Meetings >> Report of CEON Planning meeting >> Development of CEON

Section 4.1: Welcome, Background, Perspectives and Challenges for the development of CEON

The meeting was opened by Mr Krister Nilsson, State Secretary at the Ministry of the Environment, Sweden. Nilsson highlighted the social trends of the 1960's and 70's where the ecological footprint of the developing world was regarded as almost limitless. Nowadays, the sustainability of human activities and the associated impacts on the environment are increasingly under scrutiny. Accordingly, Nilsson stressed the importance of science not becoming a vacuum and the need for better linkages between science, policy, politics and management in order to promote the sustainable interaction of humans and their environment. Nilsson emphasized the need for long term monitoring, the involvement of indigenous peoples and the importance of networks and international cooperation in performing these tasks in the Arctic. Nilsson closed his talk by welcoming participants to the CEON meeting and to the Swedish Academy of Sciences.

Craig Tweedie presented the background and recent developments of CEON, including the rational for CEON's inception, and the scoping activities in which he has been involved with since these began in July 2002. A summary of this information is provided in Section 2 above. Simon Stephenson and Patrick Webber, current Presidents of FARO and IASC, then described the involvement of their affiliated organizations, which have endorsed the concept of CEON and its development. Stephenson and Webber suggested that the latest developments within CEON be presented to FARO and IASC during ASSW in Reykjavik, Iceland during April 2004. Webber highlighted the potential availability of 'seed' funds from IASC to support the initial planning and development of CEON.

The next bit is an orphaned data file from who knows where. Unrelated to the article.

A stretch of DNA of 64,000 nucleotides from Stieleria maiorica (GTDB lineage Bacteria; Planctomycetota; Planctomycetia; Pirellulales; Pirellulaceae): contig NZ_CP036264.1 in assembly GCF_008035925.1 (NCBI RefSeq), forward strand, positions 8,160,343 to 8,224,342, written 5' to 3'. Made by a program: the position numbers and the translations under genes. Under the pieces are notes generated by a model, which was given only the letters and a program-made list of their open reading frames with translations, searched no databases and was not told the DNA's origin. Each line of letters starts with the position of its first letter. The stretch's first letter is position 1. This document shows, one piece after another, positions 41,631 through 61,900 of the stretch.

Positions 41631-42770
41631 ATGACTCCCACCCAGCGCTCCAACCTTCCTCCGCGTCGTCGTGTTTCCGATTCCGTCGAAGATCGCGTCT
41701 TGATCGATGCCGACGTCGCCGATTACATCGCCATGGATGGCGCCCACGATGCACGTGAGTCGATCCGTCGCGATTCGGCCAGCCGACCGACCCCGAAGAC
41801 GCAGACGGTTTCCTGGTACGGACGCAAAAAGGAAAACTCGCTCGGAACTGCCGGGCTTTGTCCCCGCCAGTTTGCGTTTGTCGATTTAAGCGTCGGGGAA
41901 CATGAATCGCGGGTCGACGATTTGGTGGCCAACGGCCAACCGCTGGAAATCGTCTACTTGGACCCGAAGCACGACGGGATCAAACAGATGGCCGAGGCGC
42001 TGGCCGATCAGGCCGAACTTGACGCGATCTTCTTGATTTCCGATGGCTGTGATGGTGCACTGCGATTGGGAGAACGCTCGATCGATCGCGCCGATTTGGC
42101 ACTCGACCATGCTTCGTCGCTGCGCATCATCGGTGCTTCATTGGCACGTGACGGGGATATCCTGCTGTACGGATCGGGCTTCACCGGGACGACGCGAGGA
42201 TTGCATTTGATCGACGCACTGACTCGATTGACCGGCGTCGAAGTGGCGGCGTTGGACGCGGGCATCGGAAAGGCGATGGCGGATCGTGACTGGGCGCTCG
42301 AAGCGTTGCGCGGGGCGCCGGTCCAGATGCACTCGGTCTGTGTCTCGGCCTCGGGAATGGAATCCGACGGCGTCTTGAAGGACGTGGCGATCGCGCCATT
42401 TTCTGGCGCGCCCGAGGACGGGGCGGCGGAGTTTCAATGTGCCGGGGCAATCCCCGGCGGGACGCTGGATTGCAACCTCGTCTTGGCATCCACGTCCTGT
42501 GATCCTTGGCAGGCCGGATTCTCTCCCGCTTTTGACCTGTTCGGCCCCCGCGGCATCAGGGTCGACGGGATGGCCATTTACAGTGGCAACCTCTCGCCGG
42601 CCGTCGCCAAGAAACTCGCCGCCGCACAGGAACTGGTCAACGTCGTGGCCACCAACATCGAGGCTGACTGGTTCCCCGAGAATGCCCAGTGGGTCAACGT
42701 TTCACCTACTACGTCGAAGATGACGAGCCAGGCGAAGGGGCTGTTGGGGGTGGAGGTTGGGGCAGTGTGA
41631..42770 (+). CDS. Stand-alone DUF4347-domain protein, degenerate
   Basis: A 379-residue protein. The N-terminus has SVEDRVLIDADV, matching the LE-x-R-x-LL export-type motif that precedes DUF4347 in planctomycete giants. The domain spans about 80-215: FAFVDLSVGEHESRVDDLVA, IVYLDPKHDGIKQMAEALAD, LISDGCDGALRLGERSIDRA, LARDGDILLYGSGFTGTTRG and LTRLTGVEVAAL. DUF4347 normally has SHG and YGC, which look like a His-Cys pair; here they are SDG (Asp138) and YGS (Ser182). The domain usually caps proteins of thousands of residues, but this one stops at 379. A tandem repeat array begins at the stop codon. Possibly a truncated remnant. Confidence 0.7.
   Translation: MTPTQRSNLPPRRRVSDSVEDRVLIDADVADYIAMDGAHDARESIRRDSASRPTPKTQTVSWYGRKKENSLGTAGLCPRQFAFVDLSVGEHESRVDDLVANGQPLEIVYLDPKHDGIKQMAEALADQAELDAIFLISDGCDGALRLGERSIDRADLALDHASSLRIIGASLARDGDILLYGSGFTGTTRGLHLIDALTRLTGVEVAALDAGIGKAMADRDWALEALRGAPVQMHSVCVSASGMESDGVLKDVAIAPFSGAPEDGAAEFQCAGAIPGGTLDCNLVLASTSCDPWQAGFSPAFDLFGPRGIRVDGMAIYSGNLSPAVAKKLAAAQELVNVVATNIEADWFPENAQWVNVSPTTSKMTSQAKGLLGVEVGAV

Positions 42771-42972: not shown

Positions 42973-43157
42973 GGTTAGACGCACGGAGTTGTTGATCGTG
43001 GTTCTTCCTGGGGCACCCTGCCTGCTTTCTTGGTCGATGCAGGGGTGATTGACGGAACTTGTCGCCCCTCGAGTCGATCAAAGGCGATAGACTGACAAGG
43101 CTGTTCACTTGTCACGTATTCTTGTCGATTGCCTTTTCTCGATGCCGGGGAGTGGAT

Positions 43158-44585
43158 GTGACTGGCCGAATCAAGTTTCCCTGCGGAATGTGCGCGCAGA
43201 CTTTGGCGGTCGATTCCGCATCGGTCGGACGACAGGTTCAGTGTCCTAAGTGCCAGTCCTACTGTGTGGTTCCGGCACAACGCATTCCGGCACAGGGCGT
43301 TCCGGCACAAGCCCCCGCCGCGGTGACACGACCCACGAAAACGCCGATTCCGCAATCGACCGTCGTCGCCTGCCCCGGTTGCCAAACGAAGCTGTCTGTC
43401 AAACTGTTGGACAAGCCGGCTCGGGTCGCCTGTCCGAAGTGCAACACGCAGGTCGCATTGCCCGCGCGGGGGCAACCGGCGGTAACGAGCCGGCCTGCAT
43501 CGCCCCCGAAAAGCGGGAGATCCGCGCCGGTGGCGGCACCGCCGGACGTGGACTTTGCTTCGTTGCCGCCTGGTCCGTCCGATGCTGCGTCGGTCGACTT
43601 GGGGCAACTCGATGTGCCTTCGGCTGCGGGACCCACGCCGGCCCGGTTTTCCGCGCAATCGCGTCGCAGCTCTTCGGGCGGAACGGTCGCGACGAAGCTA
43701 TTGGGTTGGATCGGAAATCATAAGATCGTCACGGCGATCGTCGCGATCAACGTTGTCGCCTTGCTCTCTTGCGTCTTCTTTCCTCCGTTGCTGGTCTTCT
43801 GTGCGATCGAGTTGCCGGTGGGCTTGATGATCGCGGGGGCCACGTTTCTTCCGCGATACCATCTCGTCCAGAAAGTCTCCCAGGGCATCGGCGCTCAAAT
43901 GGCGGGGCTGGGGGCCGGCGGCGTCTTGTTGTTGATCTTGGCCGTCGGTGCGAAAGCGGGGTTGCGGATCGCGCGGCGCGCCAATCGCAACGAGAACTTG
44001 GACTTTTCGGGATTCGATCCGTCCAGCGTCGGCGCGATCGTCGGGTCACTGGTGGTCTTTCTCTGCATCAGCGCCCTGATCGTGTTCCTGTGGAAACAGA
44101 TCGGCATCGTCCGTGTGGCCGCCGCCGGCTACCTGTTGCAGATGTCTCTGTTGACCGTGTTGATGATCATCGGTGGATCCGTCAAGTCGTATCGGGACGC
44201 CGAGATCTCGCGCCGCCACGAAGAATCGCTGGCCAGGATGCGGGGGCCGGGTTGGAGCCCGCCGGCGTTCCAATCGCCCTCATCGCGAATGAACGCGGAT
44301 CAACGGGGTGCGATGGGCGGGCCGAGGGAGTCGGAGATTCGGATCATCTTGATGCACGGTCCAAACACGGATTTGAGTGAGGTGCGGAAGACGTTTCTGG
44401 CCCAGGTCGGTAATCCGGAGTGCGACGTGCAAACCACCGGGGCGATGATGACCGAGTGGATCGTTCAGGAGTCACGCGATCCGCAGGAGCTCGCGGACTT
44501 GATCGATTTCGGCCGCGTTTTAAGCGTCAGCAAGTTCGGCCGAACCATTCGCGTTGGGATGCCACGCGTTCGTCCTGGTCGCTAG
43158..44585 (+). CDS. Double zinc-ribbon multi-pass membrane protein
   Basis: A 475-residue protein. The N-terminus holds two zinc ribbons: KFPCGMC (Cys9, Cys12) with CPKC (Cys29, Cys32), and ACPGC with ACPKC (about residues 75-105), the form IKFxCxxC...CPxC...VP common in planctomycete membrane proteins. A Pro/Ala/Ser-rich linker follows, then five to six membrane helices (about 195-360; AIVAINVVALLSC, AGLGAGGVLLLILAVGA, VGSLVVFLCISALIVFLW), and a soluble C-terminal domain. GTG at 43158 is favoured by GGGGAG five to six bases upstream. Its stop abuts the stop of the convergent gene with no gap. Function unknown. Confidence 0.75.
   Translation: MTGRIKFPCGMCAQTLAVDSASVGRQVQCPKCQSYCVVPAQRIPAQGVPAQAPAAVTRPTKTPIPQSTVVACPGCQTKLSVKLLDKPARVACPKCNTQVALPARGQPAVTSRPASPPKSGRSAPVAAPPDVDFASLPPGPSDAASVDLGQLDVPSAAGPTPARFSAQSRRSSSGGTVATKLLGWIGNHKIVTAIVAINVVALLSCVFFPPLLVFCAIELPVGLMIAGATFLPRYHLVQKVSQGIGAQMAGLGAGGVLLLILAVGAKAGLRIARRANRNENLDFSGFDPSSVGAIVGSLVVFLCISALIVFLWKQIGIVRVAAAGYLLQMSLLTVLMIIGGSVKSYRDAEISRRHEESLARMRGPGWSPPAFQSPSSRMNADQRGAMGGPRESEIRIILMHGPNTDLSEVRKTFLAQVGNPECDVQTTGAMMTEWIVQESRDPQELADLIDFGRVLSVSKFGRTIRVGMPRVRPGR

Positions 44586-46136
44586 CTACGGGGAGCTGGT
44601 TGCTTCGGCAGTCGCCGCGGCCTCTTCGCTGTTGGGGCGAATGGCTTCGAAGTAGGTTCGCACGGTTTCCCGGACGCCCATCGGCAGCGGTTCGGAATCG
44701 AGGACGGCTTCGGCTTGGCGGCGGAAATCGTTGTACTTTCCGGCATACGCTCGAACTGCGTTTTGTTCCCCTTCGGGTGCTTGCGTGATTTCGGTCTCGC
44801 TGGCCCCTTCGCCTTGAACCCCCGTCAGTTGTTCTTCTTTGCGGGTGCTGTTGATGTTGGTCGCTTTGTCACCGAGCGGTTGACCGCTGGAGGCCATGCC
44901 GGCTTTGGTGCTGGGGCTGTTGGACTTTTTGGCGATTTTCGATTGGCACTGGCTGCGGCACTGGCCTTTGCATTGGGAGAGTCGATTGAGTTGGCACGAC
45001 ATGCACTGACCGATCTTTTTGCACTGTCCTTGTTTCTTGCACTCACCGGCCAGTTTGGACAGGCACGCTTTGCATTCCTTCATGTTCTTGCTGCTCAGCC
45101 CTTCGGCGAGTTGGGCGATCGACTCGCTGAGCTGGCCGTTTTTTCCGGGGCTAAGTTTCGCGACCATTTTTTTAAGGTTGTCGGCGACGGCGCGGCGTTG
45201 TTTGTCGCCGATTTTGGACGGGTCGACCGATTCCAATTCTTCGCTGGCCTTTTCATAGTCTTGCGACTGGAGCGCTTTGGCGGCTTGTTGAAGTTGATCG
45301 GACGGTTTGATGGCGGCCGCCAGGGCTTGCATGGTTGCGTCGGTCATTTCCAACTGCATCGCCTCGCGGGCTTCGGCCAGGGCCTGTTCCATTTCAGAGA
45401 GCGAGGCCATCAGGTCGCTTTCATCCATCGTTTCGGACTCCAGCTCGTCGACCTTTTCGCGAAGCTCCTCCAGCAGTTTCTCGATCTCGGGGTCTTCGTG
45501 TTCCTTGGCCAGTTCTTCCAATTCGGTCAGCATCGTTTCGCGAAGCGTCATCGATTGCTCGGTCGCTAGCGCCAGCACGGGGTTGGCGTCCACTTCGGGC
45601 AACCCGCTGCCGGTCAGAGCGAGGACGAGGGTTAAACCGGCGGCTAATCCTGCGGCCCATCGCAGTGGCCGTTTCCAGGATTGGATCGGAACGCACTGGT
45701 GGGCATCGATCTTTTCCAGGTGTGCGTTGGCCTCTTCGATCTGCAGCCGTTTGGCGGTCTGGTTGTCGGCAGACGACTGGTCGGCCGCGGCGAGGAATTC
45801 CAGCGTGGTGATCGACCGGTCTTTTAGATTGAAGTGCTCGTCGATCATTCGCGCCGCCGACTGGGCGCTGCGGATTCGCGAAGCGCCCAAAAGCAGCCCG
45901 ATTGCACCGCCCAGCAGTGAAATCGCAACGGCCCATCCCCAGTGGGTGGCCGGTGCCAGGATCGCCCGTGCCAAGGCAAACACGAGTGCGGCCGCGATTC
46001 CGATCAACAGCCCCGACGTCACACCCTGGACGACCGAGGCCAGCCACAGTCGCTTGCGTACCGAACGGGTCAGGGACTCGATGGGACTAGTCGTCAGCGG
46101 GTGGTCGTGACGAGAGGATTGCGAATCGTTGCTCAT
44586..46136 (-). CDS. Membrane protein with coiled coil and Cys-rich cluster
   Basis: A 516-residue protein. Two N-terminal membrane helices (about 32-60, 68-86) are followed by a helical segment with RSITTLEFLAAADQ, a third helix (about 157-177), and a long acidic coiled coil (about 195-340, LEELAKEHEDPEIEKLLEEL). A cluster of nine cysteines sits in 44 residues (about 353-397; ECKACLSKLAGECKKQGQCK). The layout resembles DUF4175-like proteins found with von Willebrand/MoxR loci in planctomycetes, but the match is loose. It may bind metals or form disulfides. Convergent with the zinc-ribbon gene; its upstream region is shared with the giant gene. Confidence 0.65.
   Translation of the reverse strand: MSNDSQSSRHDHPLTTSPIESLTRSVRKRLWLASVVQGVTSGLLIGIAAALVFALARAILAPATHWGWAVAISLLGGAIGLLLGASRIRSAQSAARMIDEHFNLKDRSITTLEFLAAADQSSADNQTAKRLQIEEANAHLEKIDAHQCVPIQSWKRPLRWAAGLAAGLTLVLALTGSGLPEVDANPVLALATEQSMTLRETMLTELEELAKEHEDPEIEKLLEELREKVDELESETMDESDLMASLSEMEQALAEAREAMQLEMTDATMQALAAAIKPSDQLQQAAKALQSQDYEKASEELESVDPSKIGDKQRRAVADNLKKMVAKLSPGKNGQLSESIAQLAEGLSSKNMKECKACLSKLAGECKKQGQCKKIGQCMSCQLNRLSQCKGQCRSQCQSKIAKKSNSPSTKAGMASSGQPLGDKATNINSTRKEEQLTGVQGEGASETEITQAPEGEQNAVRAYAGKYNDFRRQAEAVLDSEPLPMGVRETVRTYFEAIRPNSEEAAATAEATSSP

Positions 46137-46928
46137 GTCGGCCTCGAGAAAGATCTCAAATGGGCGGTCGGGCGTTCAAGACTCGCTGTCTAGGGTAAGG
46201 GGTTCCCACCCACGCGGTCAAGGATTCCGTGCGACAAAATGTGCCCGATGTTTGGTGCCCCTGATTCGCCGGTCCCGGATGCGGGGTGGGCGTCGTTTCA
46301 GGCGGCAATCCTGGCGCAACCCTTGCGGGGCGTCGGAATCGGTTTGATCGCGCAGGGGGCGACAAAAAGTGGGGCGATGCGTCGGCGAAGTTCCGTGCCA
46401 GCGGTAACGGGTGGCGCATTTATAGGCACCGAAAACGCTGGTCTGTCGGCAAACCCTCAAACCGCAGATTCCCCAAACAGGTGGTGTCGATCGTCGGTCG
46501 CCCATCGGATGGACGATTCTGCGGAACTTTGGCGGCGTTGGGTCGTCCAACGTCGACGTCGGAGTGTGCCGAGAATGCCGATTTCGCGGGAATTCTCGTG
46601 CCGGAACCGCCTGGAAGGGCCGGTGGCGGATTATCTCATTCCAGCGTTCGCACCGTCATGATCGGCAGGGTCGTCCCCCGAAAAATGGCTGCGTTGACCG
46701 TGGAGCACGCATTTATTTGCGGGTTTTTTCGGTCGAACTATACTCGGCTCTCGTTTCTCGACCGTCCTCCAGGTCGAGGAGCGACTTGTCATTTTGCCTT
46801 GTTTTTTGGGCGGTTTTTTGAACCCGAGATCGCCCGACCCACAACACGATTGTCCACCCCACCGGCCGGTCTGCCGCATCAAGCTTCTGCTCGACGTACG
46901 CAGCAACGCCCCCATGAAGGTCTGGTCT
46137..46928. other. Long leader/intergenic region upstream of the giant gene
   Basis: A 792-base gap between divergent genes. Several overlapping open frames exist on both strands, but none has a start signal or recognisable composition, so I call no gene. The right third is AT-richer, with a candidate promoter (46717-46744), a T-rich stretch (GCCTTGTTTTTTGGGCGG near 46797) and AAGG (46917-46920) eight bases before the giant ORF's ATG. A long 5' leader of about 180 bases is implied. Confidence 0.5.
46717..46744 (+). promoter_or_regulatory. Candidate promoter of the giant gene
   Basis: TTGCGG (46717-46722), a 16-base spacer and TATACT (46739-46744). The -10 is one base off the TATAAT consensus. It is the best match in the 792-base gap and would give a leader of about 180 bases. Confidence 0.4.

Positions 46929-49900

Bill Heal discussed the role CEON can play in promoting international collaboration, exchange of knowledge, education, and 'big picture' science in the Arctic. Heal opened by identifying the Arctic as the only true circum-polar system on the globe and alluded to the diverse range of observed and modeled changes occurring in this region. Changes are resulting from drivers originating both within and outside of the Arctic system. These changes are of global significance and are having effects on the sustainability of natural resource use. Understanding and forecasting social, economic and environmental changes needs integrated information sources and an understanding of regional variability within the Arctic. Heal stressed the importance of integrating monitoring with research and reducing assessments of change to human time scales. The minimal or initial steps CEON can promote include the following:

  • Establishing a circum-arctic consortium of sites (a CEON).
  • Establishing accessible databases (of site features, long-term datasets, key publications etc).
  • Determining environmental representation of sites within networks and identifying gaps in measurements.
  • Define and encourage initial comparative observations.
  • Define responses to ACIA projections.
  • Develop an education and outreach program.